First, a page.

Oh well, the set would be a treat anyway, because of the special features, which actually could have worked as its own release. Especially interesting are two rarely-seen documentaries. The first one of them, THE GENTLEMAN TRAMP (78 min.) from 1975 --which I'd tried to find for years-- is narrated by Laurence Oliver, Jack Lemmon and Walter Matthau, and includes numbers of home movies, archive footage, etc. The second documentary, CHAPLIN'S GOLIATH (54 min.) from 1996 covers the life of Eric Campbell, the heavy Scotsman who played the villain in each one of Chaplin's Mutual-comedies. Also included are two fine and very interesting booklets: "The Chaplin Mutuals" by Jeffrey Vance and "The Making of The Gentleman Tramp" by Richard Patterson.
My only complaint is that while the music is very good --beautiful, really-- and fits the films wonderfully, there are a few times that I think it sounds a little too dramatic or melancholic when it, in my opinion, rather should be amusing; especially in ONE A.M. But that's just according to my taste.
Sadly, there still seems to be certain footage missing available elsewhere even in this set, especially in THE CURE. However, this is the closest to perfection anyone has come yet and is, needless to say, a "must" to every Chaplin-fan. Well worth the money!"
Chaplin's Finest Work
Scott T. Rivers | Los Angeles, CA USA | 07/10/2008
(5 out of 5 stars)
"When Charlie Chaplin signed with the Mutual Film Company in 1916, he became the highest-paid performer at that time (with an annual salary of $670,000) and produced a dozen two-reelers that served as a blueprint for the rest of his career. The Mutuals captured the essence of Chaplin's serio-comic brilliance while revealing an artist at his creative peak. A stronger sense of ensemble was evident in the menacing presence of Eric Campbell, who became regarded as the ideal Chaplin heavy. "Easy Street" and "The Immigrant" (both 1917) represent the comedian's first masterpieces - incorporating social criticism that foreshadowed his feature-length efforts. The rough-edged quality of the Keystone and Essanay shorts has been replaced by a more polished style, with "The Rink" (1916) and "The Cure" (1917) displaying remarkable physical virtuosity. Charlie's later films never matched the exuberance and self-assuredness of that glorious 16-month period when the Little Tramp reached his artistic maturity."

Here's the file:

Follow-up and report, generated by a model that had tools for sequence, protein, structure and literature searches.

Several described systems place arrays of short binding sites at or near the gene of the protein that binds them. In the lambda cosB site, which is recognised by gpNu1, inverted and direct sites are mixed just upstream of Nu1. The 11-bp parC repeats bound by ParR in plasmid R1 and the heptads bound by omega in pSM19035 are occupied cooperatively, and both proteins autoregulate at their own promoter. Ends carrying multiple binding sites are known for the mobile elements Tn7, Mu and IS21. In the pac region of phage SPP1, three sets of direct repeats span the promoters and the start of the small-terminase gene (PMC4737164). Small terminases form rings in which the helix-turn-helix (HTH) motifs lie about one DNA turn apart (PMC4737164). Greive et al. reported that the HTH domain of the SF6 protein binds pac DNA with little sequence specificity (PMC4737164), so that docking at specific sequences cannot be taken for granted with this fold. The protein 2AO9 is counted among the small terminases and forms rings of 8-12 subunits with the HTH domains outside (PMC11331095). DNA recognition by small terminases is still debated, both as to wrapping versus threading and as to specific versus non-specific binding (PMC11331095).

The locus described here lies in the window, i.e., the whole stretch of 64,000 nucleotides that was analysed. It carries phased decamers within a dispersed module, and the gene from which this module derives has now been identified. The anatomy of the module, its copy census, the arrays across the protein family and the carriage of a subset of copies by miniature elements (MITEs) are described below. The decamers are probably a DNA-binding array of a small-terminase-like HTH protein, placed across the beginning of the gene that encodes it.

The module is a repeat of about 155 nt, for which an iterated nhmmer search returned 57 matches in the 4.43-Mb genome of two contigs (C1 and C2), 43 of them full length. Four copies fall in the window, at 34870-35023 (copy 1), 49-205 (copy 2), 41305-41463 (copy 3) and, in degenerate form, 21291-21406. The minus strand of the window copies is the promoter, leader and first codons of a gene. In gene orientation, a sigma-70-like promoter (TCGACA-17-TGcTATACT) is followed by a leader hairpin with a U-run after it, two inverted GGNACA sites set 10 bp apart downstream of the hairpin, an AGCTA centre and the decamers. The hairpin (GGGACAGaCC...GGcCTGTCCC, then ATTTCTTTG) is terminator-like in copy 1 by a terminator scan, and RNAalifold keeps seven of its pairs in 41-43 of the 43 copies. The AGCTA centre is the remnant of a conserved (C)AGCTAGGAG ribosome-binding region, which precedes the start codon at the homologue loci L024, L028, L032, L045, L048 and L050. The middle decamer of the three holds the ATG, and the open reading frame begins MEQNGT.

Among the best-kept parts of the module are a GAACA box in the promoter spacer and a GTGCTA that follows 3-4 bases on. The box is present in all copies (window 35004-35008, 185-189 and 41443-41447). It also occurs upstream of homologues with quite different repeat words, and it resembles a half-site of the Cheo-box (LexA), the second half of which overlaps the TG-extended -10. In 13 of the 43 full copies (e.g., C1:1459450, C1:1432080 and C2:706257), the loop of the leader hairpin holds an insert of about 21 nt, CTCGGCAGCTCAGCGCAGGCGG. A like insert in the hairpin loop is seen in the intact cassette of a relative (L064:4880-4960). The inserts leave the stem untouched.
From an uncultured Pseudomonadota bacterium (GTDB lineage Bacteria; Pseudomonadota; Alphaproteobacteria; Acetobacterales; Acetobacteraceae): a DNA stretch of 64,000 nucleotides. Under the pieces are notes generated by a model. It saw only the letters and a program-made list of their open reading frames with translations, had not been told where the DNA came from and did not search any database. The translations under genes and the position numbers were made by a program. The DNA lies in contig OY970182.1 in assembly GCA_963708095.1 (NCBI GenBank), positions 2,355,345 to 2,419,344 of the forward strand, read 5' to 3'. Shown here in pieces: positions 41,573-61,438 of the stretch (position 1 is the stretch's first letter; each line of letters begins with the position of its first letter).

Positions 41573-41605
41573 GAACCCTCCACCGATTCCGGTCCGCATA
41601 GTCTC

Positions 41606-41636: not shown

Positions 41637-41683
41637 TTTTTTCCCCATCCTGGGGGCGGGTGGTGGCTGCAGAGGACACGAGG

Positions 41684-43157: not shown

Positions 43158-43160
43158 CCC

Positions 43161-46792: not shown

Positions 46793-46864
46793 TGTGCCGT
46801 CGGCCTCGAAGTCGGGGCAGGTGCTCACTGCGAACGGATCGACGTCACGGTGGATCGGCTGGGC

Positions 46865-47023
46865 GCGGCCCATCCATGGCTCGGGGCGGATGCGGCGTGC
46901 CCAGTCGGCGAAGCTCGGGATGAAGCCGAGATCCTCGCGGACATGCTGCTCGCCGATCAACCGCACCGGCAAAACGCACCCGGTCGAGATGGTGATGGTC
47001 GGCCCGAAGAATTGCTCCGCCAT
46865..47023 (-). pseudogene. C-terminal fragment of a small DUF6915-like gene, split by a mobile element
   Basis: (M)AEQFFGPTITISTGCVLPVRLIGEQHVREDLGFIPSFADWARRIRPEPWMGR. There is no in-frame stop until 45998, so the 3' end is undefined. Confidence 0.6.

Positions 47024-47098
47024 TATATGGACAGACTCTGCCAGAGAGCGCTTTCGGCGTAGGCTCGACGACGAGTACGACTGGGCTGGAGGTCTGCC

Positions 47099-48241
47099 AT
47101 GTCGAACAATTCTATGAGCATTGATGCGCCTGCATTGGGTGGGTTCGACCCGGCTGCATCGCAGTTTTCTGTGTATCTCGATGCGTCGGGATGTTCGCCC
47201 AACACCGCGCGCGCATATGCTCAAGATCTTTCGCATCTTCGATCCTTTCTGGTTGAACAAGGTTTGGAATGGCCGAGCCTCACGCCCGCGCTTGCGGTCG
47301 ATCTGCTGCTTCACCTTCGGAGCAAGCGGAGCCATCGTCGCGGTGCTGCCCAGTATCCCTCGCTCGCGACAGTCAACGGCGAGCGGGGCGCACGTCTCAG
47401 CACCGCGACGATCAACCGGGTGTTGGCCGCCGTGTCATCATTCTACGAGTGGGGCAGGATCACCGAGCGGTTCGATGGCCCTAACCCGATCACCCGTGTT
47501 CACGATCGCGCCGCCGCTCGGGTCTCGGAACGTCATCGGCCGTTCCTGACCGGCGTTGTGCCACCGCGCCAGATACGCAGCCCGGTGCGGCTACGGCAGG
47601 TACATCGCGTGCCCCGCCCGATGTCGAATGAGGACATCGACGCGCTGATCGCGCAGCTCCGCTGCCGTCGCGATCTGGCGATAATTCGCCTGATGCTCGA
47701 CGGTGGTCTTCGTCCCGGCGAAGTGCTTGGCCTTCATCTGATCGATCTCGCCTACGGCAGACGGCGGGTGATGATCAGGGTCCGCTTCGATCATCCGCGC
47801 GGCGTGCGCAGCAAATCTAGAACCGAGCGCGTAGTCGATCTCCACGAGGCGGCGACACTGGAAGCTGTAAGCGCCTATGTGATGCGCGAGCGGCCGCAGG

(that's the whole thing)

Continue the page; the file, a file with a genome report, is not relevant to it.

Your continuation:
The essence of Chaplin's art.
Robert G. Martinez | Brooksville FL | 08/21/2007
(5 out of 5 stars)
"It has been 90 years since these great comedies were made (1916-17) and many folks that are new to Chaplin may dismiss them as funny shorts. Chaplin by 1916 was a real big star and was paid $650,000 to do these 12 comedies in a little over a year. A ridiculous sum in 1916. Unlike his full feature films from the 20's and 30's (with the exception of City Lights - a masterpiece)) where there was much emphasis on pathos,and tearjerking scenes, these comedies are wild and wacky. In 1970, I bought some of these on 8mm films thru Blackhawk Films and the quality was OK, but these prints are a revelation. The Mutual Comedies are the height of Chaplin's art. Each film features a theme: The Pawnbroker, The Rink, The Vagabond, Easy Street etc. and they are all hilarious. The Mutuals had a cast of stock actors that too were outstanding including his 300-pound bully Eric Campbell, Edna Purveyance, his love interest, Albert Austin, Henry Bergman and others. THIS IS THE FINEST QUALITY EVER SEEN ON THESE MOVIES! There are Documentaries galore which are also very interesting. Without dialogue, Chaplin could make you laugh just with his eyes or an expression, or his walk. People forget that he revolutionized motion pictures by bringing movies even to the smallest of towns. People all over the world loved Chaplin. This is a milestone in cinema history and every serious student of film should own this and watch a master at work."